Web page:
THE Scottish Government is set to challenge a ruling that they were wrong in failing to provide information relating to an investigation into the conduct of Alex Salmond.

Former first minister Nicola Sturgeon referred herself for investigation regarding her conduct during the probe into harassment complaints about her predecessor Salmond. 

The appeal against the Scottish Information Commissioner's decision, which said the information relating to the investigation should be released, is to be heard at the Court of Session on Wednesday.

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The Scottish Government claimed it did not hold some of the information requested, and what it did hold was exempt from disclosure. 

Salmond – who was first minister between 2007 and 2014 – was investigated by the Scottish Government after two complaints from staff were made under a new complaints procedure which included former ministers.

The investigation was deemed by a judicial review to have been “tainted with apparent bias” after the Scottish Government conceded defeat and Salmond was awarded £512,000 as a result.

Following this, then-first minister Sturgeon referred herself to independent advisers for an alleged breach of ministerial code on January 13 2019.

Under question was whether she failed to record meetings and phone calls, as well as display any influence over the conduct of the internal investigation into Salmond’s behaviour.

James Hamilton, an independent adviser, investigated and determined that Sturgeon had not breached the code. Ministers later declined a Freedom of Information (FORI) request for all written evidence gathered by Hamilton’s investigation.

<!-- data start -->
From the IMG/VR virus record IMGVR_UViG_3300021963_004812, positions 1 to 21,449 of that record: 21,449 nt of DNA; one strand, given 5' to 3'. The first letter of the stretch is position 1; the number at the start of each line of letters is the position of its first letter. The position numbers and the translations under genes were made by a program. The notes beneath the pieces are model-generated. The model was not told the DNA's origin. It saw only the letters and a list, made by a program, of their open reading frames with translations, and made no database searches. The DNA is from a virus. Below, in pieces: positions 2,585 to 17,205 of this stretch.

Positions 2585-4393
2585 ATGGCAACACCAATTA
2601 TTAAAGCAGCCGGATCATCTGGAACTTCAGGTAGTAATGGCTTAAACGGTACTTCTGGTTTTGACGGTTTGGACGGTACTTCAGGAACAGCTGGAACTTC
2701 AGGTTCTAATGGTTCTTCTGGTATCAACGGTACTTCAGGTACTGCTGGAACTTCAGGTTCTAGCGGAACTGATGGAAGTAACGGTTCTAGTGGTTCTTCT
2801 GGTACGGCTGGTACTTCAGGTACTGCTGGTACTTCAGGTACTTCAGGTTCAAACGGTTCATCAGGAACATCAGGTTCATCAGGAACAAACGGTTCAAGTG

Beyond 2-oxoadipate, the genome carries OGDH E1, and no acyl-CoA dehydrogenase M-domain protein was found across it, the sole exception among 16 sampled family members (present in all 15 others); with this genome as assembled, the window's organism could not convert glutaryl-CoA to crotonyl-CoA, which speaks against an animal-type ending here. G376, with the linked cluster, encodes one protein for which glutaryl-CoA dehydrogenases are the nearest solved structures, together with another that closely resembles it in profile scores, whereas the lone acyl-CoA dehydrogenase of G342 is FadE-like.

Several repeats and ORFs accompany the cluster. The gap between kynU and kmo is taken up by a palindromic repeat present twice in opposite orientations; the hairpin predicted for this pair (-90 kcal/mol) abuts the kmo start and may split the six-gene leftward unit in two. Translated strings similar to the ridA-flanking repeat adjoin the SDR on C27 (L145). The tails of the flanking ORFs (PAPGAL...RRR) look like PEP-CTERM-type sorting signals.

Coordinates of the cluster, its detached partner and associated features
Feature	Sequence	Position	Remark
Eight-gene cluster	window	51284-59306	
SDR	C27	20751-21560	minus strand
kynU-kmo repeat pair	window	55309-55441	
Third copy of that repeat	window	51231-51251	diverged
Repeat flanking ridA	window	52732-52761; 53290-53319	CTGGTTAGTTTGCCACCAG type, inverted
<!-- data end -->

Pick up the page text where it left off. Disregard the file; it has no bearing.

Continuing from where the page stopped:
The rejection was made on the basis that Hamilton was independent of government, and an exemption contained in the FOI act that disclosure of the evidence would cause prejudice to the conduct of public affairs.

The National: Nicola Sturgeon

The decision under appeal is that the Scottish Information Commissioner found the Scottish Government had complied with the FOI (Scotland) Act, but had been wrong to notify Salmond that it did not hold some information and that some information was otherwise accessible to him. 

Salmond has also launched legal action over the handling of the harassment complaints against him.

The Court of Session confirmed earlier last week that the case, Alex Salmond v Scottish ministers, had been called.

A statement from Salmond’s lawyer confirmed his successor Nicola Sturgeon and former permanent secretary Leslie Evans are named among those facing allegations of “misfeasance”.

A spokesperson for Sturgeon said she “utterly refutes” Salmond’s claims against her.

After the case was called, First Minister Humza Yousaf said the Scottish Government will “robustly” defend itself.